2 points
36. Planet internal gravity

Yes, that's reasonable. I believe it would be an extension of Newton's original formulation for thin shells, but it's simple enough. You can think of any spherically symmetric planet as an onion, with lots of concentric shells. 🙂
2 points
37. Consciousness Always Exists

Pretty much all research into the neurological basis of consciousness finds it to be emergent rather than fundamental. One molecule of water isn't wet. A billion are, at sea level between 0 and 100 C. As for theories, those are generated by minds. It doesn't mean what the theory is about is also generated by minds.
2 points
38. GPS timing (from Time and relativity (split from The Nature of Time))

I’ve seen this claim before, but it’s actually erroneous. It’s true that if the GPS clocks were not adjusted they would accumulate a time difference of ~38 microseconds a day as compared to ground clocks (and ct would be around 10 km), but this would not show up as a positioning error in GPS, since the GPS clocks nominally run at the same rate, and the trilateration uses timing differences between signals from the GPS clocks. These clocks would random walk away from each other, and accumulate differences from orbital variations, if not synched up. But this would be on the scale of nanoseconds, not microseconds, per day. One of the reasons the clocks are adjusted is so that you can do clock corrections from the ground station, which uses time from the USNO master clock. If you didn’t do that, you would be forced to have clocks synchronize within the constellation (whose clocks are less stable than the master clock) which would be less efficient and less precise, so you’d potentially end up with a larger positioning error. But measured in meters, not kilometers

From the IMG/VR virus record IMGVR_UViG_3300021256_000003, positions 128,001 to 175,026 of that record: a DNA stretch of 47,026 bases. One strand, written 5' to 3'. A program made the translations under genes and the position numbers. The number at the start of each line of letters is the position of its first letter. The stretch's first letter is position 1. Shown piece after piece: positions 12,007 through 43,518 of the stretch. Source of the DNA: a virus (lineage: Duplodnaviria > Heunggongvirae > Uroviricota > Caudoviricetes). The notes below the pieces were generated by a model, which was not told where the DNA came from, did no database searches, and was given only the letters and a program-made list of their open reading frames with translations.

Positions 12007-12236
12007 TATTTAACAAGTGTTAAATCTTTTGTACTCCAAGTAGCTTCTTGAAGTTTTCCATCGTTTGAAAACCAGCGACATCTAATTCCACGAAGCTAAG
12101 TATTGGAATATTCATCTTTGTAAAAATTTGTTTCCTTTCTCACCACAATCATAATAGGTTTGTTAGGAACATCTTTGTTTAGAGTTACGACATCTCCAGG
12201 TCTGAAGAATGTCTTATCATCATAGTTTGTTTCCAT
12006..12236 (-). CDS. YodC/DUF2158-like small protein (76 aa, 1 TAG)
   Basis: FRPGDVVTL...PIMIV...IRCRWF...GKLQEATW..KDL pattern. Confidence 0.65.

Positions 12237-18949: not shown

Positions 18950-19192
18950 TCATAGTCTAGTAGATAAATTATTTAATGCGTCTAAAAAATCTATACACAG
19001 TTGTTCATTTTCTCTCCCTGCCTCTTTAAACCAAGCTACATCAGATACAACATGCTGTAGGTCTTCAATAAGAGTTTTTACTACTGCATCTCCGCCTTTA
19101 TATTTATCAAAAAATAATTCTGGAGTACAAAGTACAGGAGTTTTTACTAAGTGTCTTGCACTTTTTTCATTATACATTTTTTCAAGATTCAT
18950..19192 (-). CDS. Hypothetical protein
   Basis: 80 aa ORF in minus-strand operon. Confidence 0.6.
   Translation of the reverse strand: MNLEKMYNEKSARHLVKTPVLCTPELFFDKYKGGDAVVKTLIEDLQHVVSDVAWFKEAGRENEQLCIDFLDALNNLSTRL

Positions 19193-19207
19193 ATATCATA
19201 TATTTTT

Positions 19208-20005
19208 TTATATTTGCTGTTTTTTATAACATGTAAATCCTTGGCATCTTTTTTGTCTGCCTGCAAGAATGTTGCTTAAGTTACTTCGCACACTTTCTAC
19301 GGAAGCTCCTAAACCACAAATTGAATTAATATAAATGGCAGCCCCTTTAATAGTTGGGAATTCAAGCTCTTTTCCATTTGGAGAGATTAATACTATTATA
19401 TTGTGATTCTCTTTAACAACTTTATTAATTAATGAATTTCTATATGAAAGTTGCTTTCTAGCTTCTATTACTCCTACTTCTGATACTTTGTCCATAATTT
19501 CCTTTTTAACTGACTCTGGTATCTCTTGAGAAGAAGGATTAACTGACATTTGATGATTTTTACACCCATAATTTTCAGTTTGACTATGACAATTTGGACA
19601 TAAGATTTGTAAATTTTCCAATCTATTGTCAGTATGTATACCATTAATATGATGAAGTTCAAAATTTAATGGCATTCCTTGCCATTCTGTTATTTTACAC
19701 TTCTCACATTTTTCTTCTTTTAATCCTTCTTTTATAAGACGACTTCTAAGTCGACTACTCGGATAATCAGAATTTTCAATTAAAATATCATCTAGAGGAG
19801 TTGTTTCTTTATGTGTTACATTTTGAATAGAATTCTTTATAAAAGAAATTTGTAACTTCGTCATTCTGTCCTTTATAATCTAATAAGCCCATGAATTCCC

2 points
39. coral growth vessels

My tank is larger than your tank.
2 points

2 points